So we can't cherry-pick every time that you decide that a piece of information is relevant to what you want. I think that we know that they are undertaking a review -- hold on.
Q: -- is going on, and the members of the very committee themselves say they don't know what is being discussed.
MR. SPICER: Fair enough. Right.
Q: How is the process going forward? How is that a workable process?
MR. SPICER: But what I'm saying is, the answer to that question is, that is a question for Chairman Nunes. I don't have any authority over how the House Intelligence Committee conducts itself. That's a question --
Q: You have authority about whether he gets into this building and can review secured information on this site.
MR. SPICER: But how he conducts himself with his members, when and where he shares things, et cetera, are issues for him and the committee and the House of Representatives, not for us. That's it, plain and simple.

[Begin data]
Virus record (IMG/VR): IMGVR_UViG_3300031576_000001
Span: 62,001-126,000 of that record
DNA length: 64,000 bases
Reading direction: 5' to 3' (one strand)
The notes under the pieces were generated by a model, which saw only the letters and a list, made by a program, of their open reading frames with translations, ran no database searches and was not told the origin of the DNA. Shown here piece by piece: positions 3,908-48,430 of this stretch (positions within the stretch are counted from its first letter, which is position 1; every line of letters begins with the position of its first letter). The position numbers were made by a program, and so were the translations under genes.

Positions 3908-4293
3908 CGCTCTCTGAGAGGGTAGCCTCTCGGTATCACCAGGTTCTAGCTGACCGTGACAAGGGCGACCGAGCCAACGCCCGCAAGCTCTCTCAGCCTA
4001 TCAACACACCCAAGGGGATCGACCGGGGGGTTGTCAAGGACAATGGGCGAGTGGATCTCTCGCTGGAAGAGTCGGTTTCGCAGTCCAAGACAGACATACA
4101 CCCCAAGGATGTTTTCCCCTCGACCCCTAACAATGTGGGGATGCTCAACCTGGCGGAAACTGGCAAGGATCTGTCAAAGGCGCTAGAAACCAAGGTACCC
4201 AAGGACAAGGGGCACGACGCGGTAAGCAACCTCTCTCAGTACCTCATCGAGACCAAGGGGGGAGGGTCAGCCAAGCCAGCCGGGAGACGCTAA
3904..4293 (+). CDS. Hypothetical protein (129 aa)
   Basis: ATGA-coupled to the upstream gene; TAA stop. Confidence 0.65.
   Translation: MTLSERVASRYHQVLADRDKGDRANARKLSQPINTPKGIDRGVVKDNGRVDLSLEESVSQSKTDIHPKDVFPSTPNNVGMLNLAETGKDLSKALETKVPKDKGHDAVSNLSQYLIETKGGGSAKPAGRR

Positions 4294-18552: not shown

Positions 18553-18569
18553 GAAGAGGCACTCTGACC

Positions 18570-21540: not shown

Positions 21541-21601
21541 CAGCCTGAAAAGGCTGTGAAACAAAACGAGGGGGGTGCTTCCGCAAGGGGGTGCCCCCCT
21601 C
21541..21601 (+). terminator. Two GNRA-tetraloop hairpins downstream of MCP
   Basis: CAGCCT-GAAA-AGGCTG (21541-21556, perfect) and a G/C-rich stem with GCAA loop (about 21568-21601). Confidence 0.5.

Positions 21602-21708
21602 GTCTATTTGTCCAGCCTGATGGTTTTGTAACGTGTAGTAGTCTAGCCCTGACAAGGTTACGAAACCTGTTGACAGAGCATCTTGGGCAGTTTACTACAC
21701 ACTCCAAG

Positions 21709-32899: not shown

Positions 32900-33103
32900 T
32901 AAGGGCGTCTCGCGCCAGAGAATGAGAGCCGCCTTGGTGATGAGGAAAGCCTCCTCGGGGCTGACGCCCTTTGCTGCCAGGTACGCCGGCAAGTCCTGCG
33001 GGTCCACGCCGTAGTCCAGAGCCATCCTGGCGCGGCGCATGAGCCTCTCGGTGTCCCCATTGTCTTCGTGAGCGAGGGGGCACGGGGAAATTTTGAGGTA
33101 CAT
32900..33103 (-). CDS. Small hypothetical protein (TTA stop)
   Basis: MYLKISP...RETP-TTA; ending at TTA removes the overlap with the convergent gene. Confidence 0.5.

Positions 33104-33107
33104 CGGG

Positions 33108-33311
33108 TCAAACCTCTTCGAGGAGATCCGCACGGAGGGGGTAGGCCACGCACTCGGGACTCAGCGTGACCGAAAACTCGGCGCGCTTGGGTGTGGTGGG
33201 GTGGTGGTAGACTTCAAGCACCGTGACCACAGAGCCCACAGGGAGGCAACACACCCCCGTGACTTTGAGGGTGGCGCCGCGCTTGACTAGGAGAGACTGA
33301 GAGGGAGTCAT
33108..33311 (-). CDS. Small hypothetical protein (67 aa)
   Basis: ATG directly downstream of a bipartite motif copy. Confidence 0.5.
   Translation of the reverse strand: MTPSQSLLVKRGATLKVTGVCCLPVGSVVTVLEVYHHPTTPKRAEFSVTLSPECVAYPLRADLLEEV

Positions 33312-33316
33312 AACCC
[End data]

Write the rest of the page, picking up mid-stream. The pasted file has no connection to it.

Q: Sean, we know that members of the House Freedom Caucus the Tuesday Group, Republican study group are up on the Hill trying to see if they can come to some sort of an agreement to find a way forward on healthcare. How real does the White House think this possibility of resurrecting healthcare is?
MR. SPICER: Well, I think the President, from the early days of his campaign, talked about repealing and replacing it. It's a commitment that he made. I think he'd like to get it done. But he also understands -- and I don't want to be -- I'm going to be completely consistent with two things. One is, he understands that in order to get to 216, we have to make sure that it does what he says it was going to do -- that it achieves those goals of lowering cost and creating more options. And so we're not going create a deal for the sake of creating a deal that ends up being not in the best interest of the American people. You got to know when to walk away from a deal that is going to end up bad. And he wants to have a good deal.